I was sent to a knockout with the first phrase of the movie: "Karelia is located on the Kola Peninsula, the basis of which is the magic shungit (local kind of stone – editor)". And then a solid hour of madness with a claim to be a sensation. Meeting with the yeti was about to take place. A fresh "footprint "was found - a small hole in the grass” (one - obviously, he is one-legged). Besides scientists who had been tricked the main commentators in the film were the son of a famous archaeologist proclaimed in the movie as "a young scientists" (actually he is an administrator at a grocery store), a teacher speaking about the healing properties of the mountain Vottovaara. The villagers didn't say anything, they were shown from afar but all the time there was the refrain: "Local people say... They state..." The Karelian branch of the Russian geographical society responded to this "masterpiece" with a letter to the Media-union and NTV broadcasting company where such "pearls" are quoted on several sheets.
Last summer the museum was visited by a well-known “philosopher-ophthalmologist”. On two jeeps with a group of experts and operators he was looking in Karelia for the ninth eye of Cinguiskhan. No one has yet seen the film.
In the Karelian state museum of local history we still remember the film group from Moscow who insisted on showing them the Sampo mill from the funds of the museum: "We really ask you... We understand that it‘s a valuable exhibit... Well, how much will it cost? We have made a long way here! Without Sampo we will not leave!" The museum workers were fighting off: "Don't you understand that this is a myth? And who told you that it is a mill? It really grinded salt, flour and money, but no one has ever seen what it looks like. There are dozens kinds of picturing it..."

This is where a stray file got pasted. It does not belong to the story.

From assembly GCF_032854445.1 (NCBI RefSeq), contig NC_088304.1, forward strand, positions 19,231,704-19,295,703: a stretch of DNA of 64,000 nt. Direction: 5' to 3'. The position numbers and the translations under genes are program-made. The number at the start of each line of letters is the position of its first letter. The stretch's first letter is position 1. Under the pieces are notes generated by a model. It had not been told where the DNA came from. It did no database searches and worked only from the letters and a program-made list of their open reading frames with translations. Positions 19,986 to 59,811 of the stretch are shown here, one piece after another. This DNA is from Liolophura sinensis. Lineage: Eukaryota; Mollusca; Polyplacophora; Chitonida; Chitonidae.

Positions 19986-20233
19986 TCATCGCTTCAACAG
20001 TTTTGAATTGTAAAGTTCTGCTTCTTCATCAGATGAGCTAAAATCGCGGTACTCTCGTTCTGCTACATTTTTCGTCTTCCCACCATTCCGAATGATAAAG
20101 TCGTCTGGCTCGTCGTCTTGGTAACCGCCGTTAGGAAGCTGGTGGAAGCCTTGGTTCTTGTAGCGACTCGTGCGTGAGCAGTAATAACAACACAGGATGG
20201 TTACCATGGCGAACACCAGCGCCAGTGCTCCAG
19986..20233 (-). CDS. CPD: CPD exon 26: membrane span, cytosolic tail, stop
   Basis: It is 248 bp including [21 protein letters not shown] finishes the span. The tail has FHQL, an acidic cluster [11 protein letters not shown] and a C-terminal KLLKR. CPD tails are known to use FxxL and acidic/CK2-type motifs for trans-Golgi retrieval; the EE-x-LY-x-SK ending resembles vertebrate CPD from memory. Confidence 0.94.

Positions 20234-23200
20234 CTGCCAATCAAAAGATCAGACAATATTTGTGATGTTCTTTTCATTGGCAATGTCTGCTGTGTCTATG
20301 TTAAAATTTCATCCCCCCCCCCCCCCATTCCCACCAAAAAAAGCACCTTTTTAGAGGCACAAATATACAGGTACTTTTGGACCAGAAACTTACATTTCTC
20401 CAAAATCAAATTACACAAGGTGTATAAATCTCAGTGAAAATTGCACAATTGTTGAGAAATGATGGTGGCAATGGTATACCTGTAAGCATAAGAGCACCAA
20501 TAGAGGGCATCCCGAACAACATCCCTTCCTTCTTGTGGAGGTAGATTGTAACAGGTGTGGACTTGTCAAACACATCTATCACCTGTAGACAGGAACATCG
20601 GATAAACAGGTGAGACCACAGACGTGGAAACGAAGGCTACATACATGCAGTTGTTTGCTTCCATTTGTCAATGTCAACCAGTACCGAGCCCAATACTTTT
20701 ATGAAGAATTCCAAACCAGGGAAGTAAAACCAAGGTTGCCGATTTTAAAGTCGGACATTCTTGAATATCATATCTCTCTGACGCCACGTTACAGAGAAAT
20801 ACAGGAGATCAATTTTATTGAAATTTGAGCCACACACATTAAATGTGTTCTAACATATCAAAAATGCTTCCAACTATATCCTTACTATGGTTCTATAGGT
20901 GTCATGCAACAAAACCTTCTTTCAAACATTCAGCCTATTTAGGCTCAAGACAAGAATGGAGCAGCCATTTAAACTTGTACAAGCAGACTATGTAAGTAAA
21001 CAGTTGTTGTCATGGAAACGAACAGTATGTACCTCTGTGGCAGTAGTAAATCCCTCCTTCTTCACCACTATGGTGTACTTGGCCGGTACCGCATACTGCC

In the end an old coffee grinder was presented to the film group. "Very well. And you were saying... Couldn’t you do it at once? Great!" - said the happy people from the capital. The museum workers crossed – it’s fine the guests haven’t demanded Ilmarinen’s sword...
A few years ago TV Channel 1 megastar Michael Shirvindt appeared. No script, no plan. We created all this right in my office. "Shoot Marcial Waters, the first resort in Russia", - was my piece of advise. A film was shot. However the peasant Ivan Reboyev who discovered the well turned in the film to Ivan Ryabov. There were other mistakes as well.
It was interesting to learn the technology of shooting the program "Walks with the Naturalist" with Pavel Lyubimtsev. He arrived to Karelia being completely ignorant about the historical and cultural peculiarities of the region. He asked to supply him with a scientist to whispered the story to the naturalist. And Lyubimtsev showed that brilliant knowledge directly to the camera with his perfectly delivered voice. He turned out to be a professor in the theatrical university who teaches scenic speech.
This spring TV people from Petersburg came: "We do want to make a film about Vepsan magicians in Sheltozero". I asked: "Are you not interested in the Vepsan culture?" the answer was:"And doesn’t Sheltozero's museum want advertisement?"
Journalists come also from abroad. Often from Finland, Sweden, Norway. A group has always got a scientific consultant; they pay for all according to the established price list.
Of course, the destiny gives sometimes thoughtful journalists from the capital, by the way, often from newspapers. And the problem of the relationship of culture, education, science with the local journalistic community requires a separate discussion.
director of the Karelian State Local History Museum
Translated by Tatiana Polkova